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Salvaged Vehicles in Illinois

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Have a totaled car in Illinois? Chances are, you won’t maintain ownership BUT your insurance company has plenty of other options for you.

What Is a Salvaged Car in IL?

Basically, a salvaged car is one that’s been damaged so badly it would cost more to repair or rebuild the vehicle than it’s actually worth (i.e. it’s actual cash value). Often, auto insurance companies call a salvage car a “total loss” vehicle.

In general, insurance carriers require you to submit a sworn proof of loss within 91 days of the car becoming a total loss. You’ll need to include details like:

  • When the incident happened.
  • How it occurred.
  • Why your car was being used at the time.

There are several ways for you and/or your insurance company to handle a salvaged car; don’t hesitate to contact your auto insurance provider for details specific to your circumstances. 

Illinois Salvage Cars & Total Loss Claims

Once your insurance provider declares your car a salvage, they will take ownership of the vehicle and be responsible for obtaining a salvage certificate.

Then, your insurance company will replace your car OR offer you a settlement.

NOTE: You can only keep the car if it’s only been damaged by hail and is still safe to drive OR the car is at least 9 years old. If either of these situations pertain to you, contact the Department of Insurance at (312) 814-2427 or (866) 445-5364 to find out what your next steps are.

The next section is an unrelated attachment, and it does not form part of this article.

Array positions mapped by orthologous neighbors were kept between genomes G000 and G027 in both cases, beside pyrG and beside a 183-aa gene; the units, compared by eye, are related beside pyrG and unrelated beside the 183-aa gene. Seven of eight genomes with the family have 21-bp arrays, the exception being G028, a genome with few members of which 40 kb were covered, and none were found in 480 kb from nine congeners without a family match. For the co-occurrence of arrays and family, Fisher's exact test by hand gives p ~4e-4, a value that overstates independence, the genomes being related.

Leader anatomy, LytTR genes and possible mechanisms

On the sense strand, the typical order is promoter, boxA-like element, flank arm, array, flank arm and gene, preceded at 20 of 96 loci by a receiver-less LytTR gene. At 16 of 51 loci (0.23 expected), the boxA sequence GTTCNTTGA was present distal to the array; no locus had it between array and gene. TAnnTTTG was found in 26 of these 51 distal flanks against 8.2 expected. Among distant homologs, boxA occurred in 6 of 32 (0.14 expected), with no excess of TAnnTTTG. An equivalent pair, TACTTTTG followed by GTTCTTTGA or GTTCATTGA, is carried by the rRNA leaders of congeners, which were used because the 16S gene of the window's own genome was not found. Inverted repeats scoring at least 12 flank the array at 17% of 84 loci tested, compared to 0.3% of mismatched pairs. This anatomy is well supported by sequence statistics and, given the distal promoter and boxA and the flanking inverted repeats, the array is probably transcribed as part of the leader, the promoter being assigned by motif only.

Replacing Your Salvaged Vehicle

If the insurance company replaces your totaled car, it must be:

  • With one of a similar make and model.
  • Purchased from a licensed dealer.
  • Under warranty if it’s 3 years old or less.

You have the option of rejecting the replacement vehicle, after which your insurance carrier must pay you what the replacement would have cost (including taxes, transfer fees, and title fees).

Insurance Settlements

For the settlement payment option, your insurance company will determine your vehicle’s retail value. HOWEVER, your Illinois insurance provider can make deductions up to $500 from the retail value based on any unrepaired damages (e.g. wear and tear, rust, missing parts, etc.).

After receiving a cash settlement, you’ll probably want to buy another car. Following the purchase, your auto insurance carrier may offer you additional help.

If you bought another vehicle within 30 days of the cash settlement, with a value:

  • Less than the settlement amount: Your insurance company must reimburse you for the full amount of sales tax, transfer fees, and title fees you paid on the new car.
  • More than the settlement amount: Your insurance provider will reimburse you for the sales tax, transfer fees, and title fees as applied to the settlement amount.

If you did NOT buy another vehicle within 30 days of the cash settlement because you couldn’t find one for your car’s determined retail value, BUT you found a similar car that costs more, your insurance company MIGHT do one of the following:

  • Pay you the difference between the settlement and the more expensive vehicle.
  • Try to negotiate a lower price for the car, and possibly purchase the vehicle for you.
  • Find a similar (but different) vehicle for the determined market value.
  • Conclude the settlement (the specifics of which depend on the appraisal section of your insurance policy).

If you have questions about cash settlements following the total loss of a vehicle, call the Illinois Department of Insurance at (866) 445-5364 for assistance.

Junking a Car in Illinois

If you come to the conclusion that the cost of repairing your car is much greater than the actual value of your car, you might decide to junk it.

If you go this route, you’ll need to apply for a junking certificate within 15 days. You can do this either before or after transferring your vehicle to a junkyard or dealer; however, if you choose to do it after, you’ll need to obtain a uniform invoice with the business’ information, among other details, and provide that—along with the vehicle’s title and an application form—to the Secretary of State.

For a full run-down of what you’ll need to do, contact your local SOS office.

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